St Eudocia
Another version of St Eudocia with golden colored background.

The icon is inspired by a colored stone inlay  that originally comes from Lips monastery  in Constantinople and dates  in the 10th-11 th century,
now found in the Archeological museum of the city. (view original work)

The first thing someone notices about this painting is the way the hands are open up in the air, like dancing There are some (magical) moments in life, that  praying and dancing come together in one- at least for us Greeks; And the name Eudocia (Evdokia) has “haunted” the Greek soul for decades, connected with a famous solitary, manly dance and a music piece that is named  after her: “The Zeibekiko of Evdokia” composed by Manos Loizos in the movie of Alexis Damianos.

Dedicated to all Eudocia’s on their name day, dedicated to you all!

The world of St Gregory the Theologian, byzantine book art

I find medieval art, and most of all the paintings found in old manuscripts, fascinating- After all, they are miniatures in paper created with a great amount of detail and craftsmanship.

St Gregory the Theologian

I ve imitated a representation such as this from an old byzantine manuscript,  using a hard white cardboard specially treated with glue and gesso to be hard and steady in order to be able to hang on the wall.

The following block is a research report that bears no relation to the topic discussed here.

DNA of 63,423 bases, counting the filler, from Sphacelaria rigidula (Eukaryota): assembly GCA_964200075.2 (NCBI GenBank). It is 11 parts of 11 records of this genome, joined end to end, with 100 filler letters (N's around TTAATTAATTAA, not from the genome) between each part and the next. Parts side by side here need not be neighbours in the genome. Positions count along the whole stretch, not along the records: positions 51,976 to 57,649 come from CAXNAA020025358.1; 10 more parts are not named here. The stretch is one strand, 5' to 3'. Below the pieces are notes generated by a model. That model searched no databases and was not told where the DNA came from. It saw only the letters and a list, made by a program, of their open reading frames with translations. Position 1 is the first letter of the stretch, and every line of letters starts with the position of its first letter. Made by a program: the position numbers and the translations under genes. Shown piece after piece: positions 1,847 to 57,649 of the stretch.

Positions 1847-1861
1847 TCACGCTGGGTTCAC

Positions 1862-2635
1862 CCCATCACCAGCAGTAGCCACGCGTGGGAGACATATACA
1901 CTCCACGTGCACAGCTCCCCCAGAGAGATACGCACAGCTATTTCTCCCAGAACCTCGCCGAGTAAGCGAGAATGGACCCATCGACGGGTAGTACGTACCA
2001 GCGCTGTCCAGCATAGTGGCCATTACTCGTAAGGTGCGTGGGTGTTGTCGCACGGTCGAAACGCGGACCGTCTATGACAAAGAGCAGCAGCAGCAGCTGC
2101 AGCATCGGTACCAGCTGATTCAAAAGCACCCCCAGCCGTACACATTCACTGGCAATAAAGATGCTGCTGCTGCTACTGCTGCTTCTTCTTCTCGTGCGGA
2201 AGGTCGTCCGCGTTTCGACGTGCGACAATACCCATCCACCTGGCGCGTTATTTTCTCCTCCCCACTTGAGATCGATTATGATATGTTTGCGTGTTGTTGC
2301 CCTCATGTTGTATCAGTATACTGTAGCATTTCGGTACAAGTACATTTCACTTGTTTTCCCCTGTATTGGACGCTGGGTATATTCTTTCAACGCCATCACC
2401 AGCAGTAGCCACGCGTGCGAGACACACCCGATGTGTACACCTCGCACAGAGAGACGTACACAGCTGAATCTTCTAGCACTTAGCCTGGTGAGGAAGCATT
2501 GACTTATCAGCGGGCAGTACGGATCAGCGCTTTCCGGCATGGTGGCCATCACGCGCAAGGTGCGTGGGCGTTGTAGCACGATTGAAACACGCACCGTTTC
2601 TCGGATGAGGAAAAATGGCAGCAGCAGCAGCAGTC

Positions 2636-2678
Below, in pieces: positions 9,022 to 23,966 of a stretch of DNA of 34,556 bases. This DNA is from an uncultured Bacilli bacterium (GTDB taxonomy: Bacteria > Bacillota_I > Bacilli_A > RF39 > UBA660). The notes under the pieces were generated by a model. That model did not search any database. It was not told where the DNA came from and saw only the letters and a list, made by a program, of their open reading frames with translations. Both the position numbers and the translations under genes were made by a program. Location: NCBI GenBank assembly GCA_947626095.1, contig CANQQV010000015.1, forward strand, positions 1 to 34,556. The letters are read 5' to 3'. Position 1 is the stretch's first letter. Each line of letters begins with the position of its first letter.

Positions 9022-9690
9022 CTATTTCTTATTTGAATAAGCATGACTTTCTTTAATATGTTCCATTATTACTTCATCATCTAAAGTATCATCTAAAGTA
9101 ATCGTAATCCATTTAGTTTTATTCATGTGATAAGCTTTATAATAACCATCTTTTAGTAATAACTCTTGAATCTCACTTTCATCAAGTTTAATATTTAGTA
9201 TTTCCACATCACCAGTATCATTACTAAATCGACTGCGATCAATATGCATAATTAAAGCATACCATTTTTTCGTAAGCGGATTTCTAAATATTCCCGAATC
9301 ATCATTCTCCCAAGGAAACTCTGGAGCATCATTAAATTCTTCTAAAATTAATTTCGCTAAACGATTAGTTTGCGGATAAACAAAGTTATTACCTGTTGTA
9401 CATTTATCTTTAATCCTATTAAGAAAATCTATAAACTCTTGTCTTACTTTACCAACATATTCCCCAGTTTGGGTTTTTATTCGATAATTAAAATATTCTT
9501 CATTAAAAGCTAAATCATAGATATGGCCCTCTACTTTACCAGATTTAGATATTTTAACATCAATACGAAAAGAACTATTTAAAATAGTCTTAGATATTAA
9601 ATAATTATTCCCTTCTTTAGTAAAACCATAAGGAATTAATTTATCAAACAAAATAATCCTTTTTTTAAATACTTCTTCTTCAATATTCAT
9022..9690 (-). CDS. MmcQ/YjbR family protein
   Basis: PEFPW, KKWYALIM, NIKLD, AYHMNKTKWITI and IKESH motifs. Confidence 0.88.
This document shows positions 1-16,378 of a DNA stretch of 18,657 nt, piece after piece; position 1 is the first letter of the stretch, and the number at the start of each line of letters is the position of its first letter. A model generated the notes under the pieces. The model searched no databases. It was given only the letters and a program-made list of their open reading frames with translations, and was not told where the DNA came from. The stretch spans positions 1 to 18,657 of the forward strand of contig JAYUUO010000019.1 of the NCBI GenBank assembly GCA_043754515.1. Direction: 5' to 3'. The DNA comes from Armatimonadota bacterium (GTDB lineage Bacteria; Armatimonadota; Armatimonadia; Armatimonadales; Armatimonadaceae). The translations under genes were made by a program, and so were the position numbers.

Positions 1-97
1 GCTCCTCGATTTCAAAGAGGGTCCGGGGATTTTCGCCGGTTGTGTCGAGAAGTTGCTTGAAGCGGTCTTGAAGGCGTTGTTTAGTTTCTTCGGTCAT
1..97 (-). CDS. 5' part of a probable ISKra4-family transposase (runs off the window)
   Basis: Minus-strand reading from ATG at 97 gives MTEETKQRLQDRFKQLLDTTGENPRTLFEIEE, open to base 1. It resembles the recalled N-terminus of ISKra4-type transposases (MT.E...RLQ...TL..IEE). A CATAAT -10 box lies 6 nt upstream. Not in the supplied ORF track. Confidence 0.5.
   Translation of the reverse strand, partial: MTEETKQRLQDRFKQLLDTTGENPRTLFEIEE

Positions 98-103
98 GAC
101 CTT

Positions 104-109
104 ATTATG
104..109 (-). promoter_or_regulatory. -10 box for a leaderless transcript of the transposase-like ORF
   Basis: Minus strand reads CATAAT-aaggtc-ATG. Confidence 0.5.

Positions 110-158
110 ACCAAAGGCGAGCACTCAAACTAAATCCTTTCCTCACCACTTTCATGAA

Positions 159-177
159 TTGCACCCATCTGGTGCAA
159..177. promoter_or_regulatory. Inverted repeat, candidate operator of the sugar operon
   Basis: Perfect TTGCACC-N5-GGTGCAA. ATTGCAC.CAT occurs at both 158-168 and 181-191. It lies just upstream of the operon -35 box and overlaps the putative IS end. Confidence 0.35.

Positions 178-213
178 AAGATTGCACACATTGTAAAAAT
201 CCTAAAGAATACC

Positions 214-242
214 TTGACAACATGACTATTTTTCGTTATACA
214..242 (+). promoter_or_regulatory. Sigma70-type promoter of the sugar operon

The icon represents the world of Saint Gregory of Nazianzus, with Christ the Savior and Mother Mary. St Gregory’s life’s work was tremendous and cannot praised better that in the hymns of the Church – I quote here the translation of his Apolytikion from orthodxwiki.org:

The Saint is otherwise known as St Gregory of Nazianzus

“…The pastoral flute of your theology conquered the trumpets of orators.
For it called upon the depths of the Spirit
and you were enriched with the beauty of words.
Intercede to Christ our God,
O Father Gregory, that our souls may be saved…”

Saint George and the Hero’s journey in the land of Cappadocia

I always liked this theme, with St George drawn in this vivid red, other- worldly background. It coincides better with this story coming from another time. I used this portable wooden triptych as the stage where the curtain opens and the story almost as a romantic tale unfolds.